See a Bird, Count a Bird: Great Backyard Bird Count Starts Friday
Okay, Weston, it’s time to put aside your snow shovels, and take out your binoculars–The Great Backyard Bird Count kicks off on Friday morning and it’s time for our Weston birds to be counted as part of the Bird Census. Don’t leave out our fine feathered friends! For four days, February 18-21, every single resident should just simply walk off the job and sit in the backyard looking at birds. Reading the Weston Owl does not count as seeing or hearing a Barred Owl, wise guys.
This year is the 25th anniversary of the annual bird count. Join the (virtual) global community of bird enthusiasts who will be in their favorite places watching, listening, and counting as many birds as they can find and reporting them through a number of apps. You can watch the reports come in over the weekend on this page.
Want in? Just commit to watching birds for 15 minutes or more at least once over the four days. Count all the birds you see or hear within your planned time/location and use the best tool for reporting your findings. Here are some ideas to make your participation the most valuable and fun to all:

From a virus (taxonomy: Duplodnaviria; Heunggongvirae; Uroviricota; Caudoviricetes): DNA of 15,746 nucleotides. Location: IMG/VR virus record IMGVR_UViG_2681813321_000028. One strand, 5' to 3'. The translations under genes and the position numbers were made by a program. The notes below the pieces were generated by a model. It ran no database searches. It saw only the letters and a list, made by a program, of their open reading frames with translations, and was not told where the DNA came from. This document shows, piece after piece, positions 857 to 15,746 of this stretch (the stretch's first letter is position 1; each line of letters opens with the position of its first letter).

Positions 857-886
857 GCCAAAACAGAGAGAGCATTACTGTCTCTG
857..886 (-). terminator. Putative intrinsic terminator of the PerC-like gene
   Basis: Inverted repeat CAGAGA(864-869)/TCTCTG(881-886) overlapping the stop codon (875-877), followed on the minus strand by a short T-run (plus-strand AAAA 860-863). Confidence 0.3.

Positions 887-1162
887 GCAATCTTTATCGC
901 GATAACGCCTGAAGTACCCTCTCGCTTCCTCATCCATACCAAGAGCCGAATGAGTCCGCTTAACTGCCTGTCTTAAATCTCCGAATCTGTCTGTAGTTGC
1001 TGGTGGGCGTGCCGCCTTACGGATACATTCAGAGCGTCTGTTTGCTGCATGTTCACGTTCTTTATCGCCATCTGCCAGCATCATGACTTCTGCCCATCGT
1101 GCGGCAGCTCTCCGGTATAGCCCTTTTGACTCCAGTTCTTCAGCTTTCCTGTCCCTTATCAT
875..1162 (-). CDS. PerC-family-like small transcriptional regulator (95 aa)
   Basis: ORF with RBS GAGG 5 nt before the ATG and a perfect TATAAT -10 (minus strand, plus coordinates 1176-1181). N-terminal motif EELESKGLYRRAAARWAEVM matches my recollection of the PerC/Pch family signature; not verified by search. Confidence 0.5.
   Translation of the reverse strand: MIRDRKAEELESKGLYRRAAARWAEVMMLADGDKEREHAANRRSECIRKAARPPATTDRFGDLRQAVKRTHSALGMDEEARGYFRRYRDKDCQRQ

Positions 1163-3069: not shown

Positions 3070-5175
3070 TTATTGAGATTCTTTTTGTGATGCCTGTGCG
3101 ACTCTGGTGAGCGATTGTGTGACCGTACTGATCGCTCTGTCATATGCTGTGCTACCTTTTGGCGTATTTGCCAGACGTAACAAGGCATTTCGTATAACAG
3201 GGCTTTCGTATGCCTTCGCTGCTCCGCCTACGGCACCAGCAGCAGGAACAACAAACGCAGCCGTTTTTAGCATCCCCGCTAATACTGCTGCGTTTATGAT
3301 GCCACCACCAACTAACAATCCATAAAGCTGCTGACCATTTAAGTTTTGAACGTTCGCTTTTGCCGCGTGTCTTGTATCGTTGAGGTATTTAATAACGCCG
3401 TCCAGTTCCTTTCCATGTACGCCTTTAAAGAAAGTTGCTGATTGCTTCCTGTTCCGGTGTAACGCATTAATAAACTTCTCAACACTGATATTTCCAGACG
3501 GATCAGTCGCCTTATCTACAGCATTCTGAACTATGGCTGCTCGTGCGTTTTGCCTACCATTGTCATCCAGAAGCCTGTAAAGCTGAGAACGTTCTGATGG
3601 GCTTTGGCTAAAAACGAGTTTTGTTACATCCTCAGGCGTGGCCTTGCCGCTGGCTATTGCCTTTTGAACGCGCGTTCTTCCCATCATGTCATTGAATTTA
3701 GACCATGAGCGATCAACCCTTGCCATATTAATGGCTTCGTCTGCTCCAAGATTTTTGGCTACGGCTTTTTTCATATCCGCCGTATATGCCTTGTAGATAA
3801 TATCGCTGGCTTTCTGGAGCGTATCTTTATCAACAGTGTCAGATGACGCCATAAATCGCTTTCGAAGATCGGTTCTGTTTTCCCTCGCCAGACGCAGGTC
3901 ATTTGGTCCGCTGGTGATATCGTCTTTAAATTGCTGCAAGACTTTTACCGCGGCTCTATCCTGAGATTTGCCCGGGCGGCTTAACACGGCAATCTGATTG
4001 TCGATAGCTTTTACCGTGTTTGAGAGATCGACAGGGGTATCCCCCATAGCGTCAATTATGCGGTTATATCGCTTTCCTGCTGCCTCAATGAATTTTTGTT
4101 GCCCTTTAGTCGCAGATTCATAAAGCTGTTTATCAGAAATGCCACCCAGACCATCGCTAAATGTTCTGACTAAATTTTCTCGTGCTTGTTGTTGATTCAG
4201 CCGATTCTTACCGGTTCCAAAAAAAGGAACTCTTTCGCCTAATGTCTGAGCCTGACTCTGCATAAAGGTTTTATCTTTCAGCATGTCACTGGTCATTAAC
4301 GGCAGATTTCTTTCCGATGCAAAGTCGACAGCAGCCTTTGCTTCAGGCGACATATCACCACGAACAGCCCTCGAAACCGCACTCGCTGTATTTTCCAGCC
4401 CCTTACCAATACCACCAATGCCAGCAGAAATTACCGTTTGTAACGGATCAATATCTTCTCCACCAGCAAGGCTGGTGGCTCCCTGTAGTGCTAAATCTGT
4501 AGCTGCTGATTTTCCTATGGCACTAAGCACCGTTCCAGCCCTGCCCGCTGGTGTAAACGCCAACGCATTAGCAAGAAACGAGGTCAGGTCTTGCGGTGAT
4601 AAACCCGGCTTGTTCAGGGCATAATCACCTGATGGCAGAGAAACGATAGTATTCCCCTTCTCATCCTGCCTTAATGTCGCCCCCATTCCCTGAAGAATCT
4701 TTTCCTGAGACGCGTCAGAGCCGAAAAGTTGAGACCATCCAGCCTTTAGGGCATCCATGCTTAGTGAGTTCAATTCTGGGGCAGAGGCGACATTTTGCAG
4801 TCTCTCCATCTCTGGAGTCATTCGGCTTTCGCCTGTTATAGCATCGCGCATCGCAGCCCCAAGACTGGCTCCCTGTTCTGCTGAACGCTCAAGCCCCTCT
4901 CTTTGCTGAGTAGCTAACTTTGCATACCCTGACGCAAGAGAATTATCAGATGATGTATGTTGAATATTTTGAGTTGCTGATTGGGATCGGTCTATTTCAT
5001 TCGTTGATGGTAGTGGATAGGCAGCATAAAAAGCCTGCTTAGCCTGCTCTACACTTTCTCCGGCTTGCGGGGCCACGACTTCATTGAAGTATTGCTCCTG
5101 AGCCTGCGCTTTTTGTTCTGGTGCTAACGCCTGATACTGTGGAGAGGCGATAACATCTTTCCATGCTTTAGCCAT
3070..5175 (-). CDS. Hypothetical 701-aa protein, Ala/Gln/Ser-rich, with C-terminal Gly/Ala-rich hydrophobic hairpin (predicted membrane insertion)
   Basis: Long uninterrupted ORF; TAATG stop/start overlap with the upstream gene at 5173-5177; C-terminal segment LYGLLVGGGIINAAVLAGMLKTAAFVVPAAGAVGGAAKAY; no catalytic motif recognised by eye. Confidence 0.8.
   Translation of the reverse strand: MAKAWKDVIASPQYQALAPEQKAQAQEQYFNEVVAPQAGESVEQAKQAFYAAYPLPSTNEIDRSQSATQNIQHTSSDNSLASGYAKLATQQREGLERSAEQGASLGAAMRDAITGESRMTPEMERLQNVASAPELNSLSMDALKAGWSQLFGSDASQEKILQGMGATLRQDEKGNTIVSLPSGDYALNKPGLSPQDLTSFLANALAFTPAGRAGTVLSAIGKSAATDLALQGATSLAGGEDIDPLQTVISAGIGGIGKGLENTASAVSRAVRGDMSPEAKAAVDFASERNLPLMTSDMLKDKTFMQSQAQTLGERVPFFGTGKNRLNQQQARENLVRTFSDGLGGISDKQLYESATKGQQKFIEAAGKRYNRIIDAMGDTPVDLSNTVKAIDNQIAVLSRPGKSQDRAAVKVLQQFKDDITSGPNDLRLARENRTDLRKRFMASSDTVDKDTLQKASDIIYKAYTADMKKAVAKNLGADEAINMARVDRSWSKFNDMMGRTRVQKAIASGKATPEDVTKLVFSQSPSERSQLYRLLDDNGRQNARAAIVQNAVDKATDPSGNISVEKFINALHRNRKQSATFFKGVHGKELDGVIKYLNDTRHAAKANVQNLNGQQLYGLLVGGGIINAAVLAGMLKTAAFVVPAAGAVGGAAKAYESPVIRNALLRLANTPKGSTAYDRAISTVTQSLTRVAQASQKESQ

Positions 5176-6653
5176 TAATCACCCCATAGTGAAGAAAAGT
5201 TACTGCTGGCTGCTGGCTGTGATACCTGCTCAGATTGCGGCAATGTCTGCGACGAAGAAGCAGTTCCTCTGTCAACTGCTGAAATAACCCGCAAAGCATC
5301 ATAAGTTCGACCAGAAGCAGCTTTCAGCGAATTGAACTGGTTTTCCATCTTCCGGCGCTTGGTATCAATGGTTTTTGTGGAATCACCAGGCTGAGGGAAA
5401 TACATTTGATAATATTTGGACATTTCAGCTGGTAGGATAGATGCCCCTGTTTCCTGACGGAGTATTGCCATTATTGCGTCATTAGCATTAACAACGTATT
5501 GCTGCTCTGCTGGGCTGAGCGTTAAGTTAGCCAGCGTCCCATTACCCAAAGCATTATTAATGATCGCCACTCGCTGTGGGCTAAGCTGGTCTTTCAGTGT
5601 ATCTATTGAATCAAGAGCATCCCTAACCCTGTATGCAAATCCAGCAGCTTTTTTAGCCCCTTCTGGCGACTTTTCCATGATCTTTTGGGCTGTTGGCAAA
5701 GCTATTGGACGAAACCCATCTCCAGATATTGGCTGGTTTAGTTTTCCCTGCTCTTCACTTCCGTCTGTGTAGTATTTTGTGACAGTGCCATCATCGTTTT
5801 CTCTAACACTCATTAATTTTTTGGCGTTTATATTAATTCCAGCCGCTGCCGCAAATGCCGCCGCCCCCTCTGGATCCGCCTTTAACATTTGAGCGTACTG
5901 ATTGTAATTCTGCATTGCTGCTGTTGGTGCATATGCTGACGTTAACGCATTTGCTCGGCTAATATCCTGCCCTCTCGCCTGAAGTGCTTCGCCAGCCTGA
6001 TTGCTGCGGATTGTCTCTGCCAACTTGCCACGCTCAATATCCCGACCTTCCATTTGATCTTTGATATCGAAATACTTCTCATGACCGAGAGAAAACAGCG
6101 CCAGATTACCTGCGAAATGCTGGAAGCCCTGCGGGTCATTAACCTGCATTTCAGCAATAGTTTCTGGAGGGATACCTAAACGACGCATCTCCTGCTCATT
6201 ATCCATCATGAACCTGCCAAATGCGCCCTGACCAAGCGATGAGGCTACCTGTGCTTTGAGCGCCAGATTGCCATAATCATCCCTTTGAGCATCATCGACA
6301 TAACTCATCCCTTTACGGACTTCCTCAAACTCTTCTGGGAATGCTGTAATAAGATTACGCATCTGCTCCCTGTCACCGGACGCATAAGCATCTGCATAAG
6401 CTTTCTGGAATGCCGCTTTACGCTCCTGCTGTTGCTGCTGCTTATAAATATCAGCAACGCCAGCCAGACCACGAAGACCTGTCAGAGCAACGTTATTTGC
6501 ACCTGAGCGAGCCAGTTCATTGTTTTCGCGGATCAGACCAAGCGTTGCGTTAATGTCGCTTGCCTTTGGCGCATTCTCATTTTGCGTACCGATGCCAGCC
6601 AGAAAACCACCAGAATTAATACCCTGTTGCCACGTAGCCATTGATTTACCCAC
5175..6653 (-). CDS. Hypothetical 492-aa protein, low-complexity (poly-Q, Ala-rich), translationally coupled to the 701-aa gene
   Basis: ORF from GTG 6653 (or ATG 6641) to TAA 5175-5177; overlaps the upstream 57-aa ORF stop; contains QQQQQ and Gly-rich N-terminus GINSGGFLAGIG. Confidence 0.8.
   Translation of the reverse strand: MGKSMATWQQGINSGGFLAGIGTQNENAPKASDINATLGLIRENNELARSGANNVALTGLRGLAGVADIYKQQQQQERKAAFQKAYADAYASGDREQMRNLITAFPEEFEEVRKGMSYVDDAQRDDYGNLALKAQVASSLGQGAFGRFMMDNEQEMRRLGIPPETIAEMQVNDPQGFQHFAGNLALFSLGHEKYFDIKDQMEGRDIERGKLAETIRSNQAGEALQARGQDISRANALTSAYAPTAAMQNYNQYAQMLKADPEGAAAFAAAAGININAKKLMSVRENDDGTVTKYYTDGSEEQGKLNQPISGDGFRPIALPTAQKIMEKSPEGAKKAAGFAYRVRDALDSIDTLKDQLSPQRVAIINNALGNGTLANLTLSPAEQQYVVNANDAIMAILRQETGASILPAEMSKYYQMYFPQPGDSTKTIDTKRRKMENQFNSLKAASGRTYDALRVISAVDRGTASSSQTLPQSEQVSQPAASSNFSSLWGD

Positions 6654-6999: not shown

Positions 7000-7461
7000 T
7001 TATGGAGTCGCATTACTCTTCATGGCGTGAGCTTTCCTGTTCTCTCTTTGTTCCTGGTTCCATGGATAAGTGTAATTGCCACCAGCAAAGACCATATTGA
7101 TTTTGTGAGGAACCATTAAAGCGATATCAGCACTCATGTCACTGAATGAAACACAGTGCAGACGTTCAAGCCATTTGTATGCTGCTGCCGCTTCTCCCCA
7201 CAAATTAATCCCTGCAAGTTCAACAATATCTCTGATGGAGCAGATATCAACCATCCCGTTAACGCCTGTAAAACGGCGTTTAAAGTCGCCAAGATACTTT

- Sign up for the February 16 webinar Watching and Counting Birds is Fun: Tips for the Great Backyard Bird Count, by visiting this page. This facebook livestream (you do not need a personal Facebook account to join the webinar) will explain how it all works.
- If you have watched the little birdies before and know what is generally expected, just don’t forget to download the apps for participating, and brush-up on how to use the tools at the participate page before the count starts. Plus, everyone who enters one sighting via Merlin, or a 15+ minute checklist in eBird, will be automatically entered to win ZEISS Terra ED 8×42 binoculars!
- Enjoy free access o the Cornell Lab’s groundbreaking Birds of the World online encyclopedia—starting February 16, through the end of the count. Use it to look up local birds, do some armchair birding, or enjoy the breathtaking diversity of the feathered world. Check out Birds of the World now.
Some other ideas: enjoy the bird count with your family–kids are amazing spotters of tiny things. Head out to the woods in the evening and try to hear a barred owl or a great horned howl–this is a perfect season for owls looking for chicks (of both kinds–girlfriends and edibles). And keep your outdoor kitty inside, if you please…beheaded birds do not count as two birds. Is that graphic enough for you? No “go ‘cats” in this post.
Enjoy where you live, Weston! No one has a backyard like we have.